A couple of weeks ago, a nearly advanced (upper-intermediate) student of mine was all excited because he had bought a book in English at the bookstore at the Santos Dumont airport in Rio. He paid more than US$ 40 for the paperback, which costs about US$ 11 at bookstores outside the airport – but the rip-off schemes at airports will be left to another blog. What his purchase showed was his commitment to developing his language skills such as vocabulary and writing through reading. The book he chose was The Girl on the Train by Paula Hawkins. Now he wasn’t sure it had been a wise choice since he had already tripped over the vocabulary in the introduction page:
“She’s buried beneath a silver birch tree, down towards the old train tracks, her grave marked with a cairn. …”
And down under the stones goes my student’s confidence. His natural reaction was: “gee! if I can’t understand the first sentence of the introduction, imagine what trying to read this book will be like”. The following class he came to me with the book showing me the ungrateful text and saying: “I don’t know what a birch tree is! What is a cairn? I think I made a mistake buying this book. It’s too difficult for me.”
After telling him I didn’t know (or remember) what a cairn was, we looked that up together on google using the entry “cairn meaning” and then Google images to visualize it. As regarding the birch tree it was enough to know (at least, at that point) that it was a tree [period].
I encouraged him by saying “it’s not a textbook or a study book he should underline or research different ideas or terms. As a novel, the first approach should be to enjoy it. Start getting used to the flow of the language, the plot, the characters and not to feel guilty if he decided to stop reading it”.
Together we reviewed a generally accepted how-to reading checklist:
- Previewing – what’s the story about? what do you think happened/ will happen?
- Contextualizing – where? when? who?
- Visualizing – picture the scene
- Asking and answering questions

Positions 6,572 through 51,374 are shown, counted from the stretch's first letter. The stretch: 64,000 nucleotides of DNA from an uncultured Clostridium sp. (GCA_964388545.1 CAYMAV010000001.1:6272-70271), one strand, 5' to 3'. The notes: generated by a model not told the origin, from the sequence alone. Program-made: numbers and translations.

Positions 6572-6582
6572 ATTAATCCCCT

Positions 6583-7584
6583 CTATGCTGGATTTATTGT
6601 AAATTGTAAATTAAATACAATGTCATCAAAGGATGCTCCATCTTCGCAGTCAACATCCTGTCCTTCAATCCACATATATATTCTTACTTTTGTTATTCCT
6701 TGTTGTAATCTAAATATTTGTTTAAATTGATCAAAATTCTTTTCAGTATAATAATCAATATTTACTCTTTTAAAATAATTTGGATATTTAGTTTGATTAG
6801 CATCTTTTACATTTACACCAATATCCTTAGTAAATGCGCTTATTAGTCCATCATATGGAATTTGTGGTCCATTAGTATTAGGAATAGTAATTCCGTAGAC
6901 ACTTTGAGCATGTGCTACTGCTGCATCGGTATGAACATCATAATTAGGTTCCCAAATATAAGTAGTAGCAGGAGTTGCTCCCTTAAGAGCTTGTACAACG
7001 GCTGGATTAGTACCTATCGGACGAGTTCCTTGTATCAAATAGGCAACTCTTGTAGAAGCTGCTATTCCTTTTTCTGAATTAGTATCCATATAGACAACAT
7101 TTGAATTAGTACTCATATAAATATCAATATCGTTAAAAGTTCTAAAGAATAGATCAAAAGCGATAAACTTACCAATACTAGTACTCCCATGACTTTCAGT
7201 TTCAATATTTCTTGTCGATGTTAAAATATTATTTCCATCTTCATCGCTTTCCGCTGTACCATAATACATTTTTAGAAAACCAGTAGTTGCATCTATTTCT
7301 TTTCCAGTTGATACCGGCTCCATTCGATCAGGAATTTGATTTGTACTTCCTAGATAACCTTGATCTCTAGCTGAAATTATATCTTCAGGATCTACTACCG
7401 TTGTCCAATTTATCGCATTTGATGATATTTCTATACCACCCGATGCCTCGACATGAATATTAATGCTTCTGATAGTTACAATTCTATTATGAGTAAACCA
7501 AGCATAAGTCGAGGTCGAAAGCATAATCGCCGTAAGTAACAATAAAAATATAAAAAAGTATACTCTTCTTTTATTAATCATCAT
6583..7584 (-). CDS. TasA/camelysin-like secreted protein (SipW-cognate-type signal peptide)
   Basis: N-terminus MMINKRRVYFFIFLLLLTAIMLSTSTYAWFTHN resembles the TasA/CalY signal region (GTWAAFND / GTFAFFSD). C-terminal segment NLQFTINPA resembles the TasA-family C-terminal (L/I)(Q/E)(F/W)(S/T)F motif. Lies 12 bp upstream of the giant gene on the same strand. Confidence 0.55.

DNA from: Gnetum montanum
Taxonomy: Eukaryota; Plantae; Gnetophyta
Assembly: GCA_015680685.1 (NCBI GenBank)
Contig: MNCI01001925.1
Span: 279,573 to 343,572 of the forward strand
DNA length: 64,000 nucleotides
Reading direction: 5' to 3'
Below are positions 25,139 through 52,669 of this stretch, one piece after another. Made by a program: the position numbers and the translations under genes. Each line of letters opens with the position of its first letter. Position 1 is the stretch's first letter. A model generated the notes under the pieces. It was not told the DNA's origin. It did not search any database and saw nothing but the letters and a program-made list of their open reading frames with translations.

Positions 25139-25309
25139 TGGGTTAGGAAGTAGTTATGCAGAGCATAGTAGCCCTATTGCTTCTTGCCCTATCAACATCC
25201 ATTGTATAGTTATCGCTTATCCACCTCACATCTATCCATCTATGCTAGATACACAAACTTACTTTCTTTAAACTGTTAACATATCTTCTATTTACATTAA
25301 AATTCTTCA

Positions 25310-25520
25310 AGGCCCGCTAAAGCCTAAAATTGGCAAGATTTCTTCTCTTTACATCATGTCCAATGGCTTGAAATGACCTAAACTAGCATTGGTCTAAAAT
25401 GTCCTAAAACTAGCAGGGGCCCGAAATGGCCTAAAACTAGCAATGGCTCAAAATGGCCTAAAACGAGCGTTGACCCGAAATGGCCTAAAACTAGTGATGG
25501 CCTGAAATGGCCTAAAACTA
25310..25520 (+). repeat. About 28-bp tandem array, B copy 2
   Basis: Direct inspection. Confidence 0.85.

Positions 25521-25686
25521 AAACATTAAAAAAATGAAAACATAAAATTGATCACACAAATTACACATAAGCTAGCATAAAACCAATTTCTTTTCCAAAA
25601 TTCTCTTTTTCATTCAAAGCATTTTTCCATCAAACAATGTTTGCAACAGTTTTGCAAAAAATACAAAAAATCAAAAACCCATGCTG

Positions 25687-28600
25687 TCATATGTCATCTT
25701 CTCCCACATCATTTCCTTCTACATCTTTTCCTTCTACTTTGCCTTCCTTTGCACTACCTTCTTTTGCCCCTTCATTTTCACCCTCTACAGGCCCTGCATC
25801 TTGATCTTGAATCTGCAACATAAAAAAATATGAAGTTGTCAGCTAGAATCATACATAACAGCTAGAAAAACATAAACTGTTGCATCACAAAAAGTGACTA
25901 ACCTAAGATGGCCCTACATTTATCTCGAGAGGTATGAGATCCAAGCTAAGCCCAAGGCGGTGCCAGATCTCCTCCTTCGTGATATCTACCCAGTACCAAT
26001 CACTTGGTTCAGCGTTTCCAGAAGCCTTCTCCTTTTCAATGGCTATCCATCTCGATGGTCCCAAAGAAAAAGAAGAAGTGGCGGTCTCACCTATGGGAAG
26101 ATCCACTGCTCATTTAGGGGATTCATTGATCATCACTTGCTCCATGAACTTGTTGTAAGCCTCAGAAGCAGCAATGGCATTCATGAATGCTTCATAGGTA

- Summarizing – can you tell what has happened so far?
- Skimming – getting the main ideas
- Scanning – looking for some specific idea or piece of information
Of course, each student will have different needs and reading habits. Graded books can be an excellent source of pleasure and information, but he rightly tried to dip into deeper waters.
There are those days when you feel a little bit unsure of what to do, where to go… . And I’m not even talking about going to the doctor and undergoing medical tests, things that I dread just based on the fear that some bad diagnosis will happen. Well, traditionally men don’t like going to the doctor because they feel they can’t get sick as they’re the breadwinners of the family, the strong sex, etc. in this day and age? Come on! Men don’t like going to the doctor, at least in my case, because we’re afraid they’ll find out something horrible and you start feeling all the symptoms before you even have the diagnosis. Talk about reasoning with your unreasonable mind. But I digress…
Uncertainty comes to teaching as well, more so when you’re self-employed. You know the drill: no student, no pay. And it’s not like when you’re working for a company / school and they will provide you with the students and if they’re generous enough they’ll give you some training and teaching material such as textbooks. They’re also required by law (at least in Brazil) to give you paid holidays and a 13th annual salary (a sort of Christmas bonus) in addition to contributions to your government’s social security pension fund.
My wife and friends quite often remind me of how lucky I am because I don’t have a boss, which is true (although in some ways my students ARE my bosses). But the solo teaching career requires some constant care such as:
1. Attention to trends in teaching, textbooks
2. Attendance to teachers’ conferences and seminars
3. Prospecting for new students while at the same time keeping the back door shut in order to keep your current students.
4. Self-motivation – you can’t slack off and stop preparing lessons, or stop showing up on time.
5. Billing is never the most pleasurable of activities but necessary. On the other hand, there are always a few smart asses who “always forget” to pay their teacher in the time agreed and you must kindly ask them if there was any problem with their payment because you couldn’t locate their deposit in your bank statement.
Hey, life is uncertain by nature, so what I must do is to continue doing what I enjoy and enjoy what I have to do.